Barrington Settlers in New Zealand in the 19th Century
  • John M. Barrington, who arrived in Auckland, New Zealand aboard the ship "Estrella" in 1870
  • Frederick C. Barrington, aged 25, who arrived in Lyttelton, New Zealand aboard the ship "Ballochmyle" in 1874
  • Fanny M. Barrington, aged 23, who arrived in Lyttelton, New Zealand aboard the ship "Ballochmyle" in 1874
  • Frederick W. Barrington, aged 2, who arrived in Lyttelton, New Zealand aboard the ship "Ballochmyle" in 1874
  • Mary Barrington, aged 28, a servant, who arrived in Auckland, New Zealand aboard the ship "Salisbury" in 1876
  • ... (More are available in all our PDF Extended History products and printed products wherever possible.)

West Indies Barrington migration to West Indies +

The British first settled the British West Indies around 1604. They made many attempts but failed in some to establish settlements on the Islands including Saint Lucia and Grenada. By 1627 they had managed to establish settlements on St. Kitts (St. Christopher) and Barbados, but by 1641 the Spanish had moved in and destroyed some of these including those at Providence Island. The British continued to expand the settlements including setting the First Federation in the British West Indies by 1674; some of the islands include Barbados, Bermuda, Cayman Island, Turks and Caicos, Jamaica and Belize then known as British Honduras. By the 1960's many of the islands became independent after the West Indies Federation which existed from 1958 to 1962 failed due to internal political conflicts. After this a number of Eastern Caribbean islands formed a free association. [15]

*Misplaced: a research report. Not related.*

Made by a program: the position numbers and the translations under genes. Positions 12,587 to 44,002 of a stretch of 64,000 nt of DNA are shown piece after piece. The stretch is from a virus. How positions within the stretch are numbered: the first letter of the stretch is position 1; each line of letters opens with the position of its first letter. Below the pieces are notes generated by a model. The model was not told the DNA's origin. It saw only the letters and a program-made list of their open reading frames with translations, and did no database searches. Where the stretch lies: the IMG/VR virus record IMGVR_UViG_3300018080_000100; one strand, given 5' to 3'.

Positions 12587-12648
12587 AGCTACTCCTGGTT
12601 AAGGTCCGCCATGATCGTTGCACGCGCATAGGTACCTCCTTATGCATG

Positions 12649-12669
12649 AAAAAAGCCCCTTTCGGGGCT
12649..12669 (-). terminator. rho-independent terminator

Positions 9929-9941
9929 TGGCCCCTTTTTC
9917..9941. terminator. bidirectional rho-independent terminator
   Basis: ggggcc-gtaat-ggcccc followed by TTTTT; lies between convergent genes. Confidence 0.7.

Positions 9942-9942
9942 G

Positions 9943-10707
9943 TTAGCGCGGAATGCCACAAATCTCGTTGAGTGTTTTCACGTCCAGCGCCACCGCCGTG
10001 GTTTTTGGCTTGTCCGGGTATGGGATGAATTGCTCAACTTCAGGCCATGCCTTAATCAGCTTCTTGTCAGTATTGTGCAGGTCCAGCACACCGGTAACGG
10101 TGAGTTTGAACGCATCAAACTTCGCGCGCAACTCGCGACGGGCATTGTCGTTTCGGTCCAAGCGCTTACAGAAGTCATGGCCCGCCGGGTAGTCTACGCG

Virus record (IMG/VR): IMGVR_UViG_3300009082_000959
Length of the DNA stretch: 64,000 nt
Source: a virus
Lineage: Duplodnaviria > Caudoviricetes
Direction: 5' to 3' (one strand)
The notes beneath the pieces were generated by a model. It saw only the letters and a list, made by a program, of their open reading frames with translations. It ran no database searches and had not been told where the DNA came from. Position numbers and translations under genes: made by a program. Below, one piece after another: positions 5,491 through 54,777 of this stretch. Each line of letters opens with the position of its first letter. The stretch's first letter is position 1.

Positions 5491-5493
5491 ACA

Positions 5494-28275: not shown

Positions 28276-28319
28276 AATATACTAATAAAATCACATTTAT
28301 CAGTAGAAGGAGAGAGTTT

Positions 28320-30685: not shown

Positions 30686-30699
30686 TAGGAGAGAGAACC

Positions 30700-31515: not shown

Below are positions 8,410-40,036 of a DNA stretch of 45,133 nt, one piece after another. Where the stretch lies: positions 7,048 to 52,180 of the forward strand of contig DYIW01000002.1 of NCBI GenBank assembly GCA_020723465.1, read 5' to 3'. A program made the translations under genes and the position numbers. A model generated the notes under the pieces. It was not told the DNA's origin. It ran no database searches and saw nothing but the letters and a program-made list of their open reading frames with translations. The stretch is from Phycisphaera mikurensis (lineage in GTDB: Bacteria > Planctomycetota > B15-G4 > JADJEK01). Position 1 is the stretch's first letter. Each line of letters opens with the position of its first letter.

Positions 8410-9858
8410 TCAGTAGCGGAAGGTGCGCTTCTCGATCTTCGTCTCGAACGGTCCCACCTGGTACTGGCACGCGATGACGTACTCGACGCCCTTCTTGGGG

Barrington Settlers in West Indies in the 17th Century
  • Isaac Barrington, who settled in Barbados in 1654
  • Isaac Barrington, who landed in Barbados in 1663 [8]
  • Abigail Barrington who settled in Barbados in 1664

Contemporary Notables of the name Barrington (post 1700) +

  • William Robinson Barrington (1796-1844), American politician, Mayor of Piqua, Ohio, 1840, 1843 [16]
  • Don Barrington (b. 1948), American Republican politician, Member of Oklahoma State Senate 31st District; Elected 2004, 2008 [16]
  • John Shute Barrington (1678-1734), 1st Viscount Barrington, an English lawyer and theologian [17]
  • Daines Barrington FRS, FSA (1727-1800), English lawyer, antiquary and naturalist, fourth son of John Barrington, 1st Viscount Barrington [17]
  • Joey Barrington (b. 1980), English professional squash player, son of Jonah Barrington
  • James "Jimmy" Barrington (b. 1901), English footballer
  • George Bainbridge Barrington (1857-1942), English cricketer who played first class cricket for Derbyshire between 1880 and 1887
  • Patrick William Daines Barrington (1918-1990), 11th Viscount Barrington, English nobleman
  • Herbert Barrington (1872-1933), English actor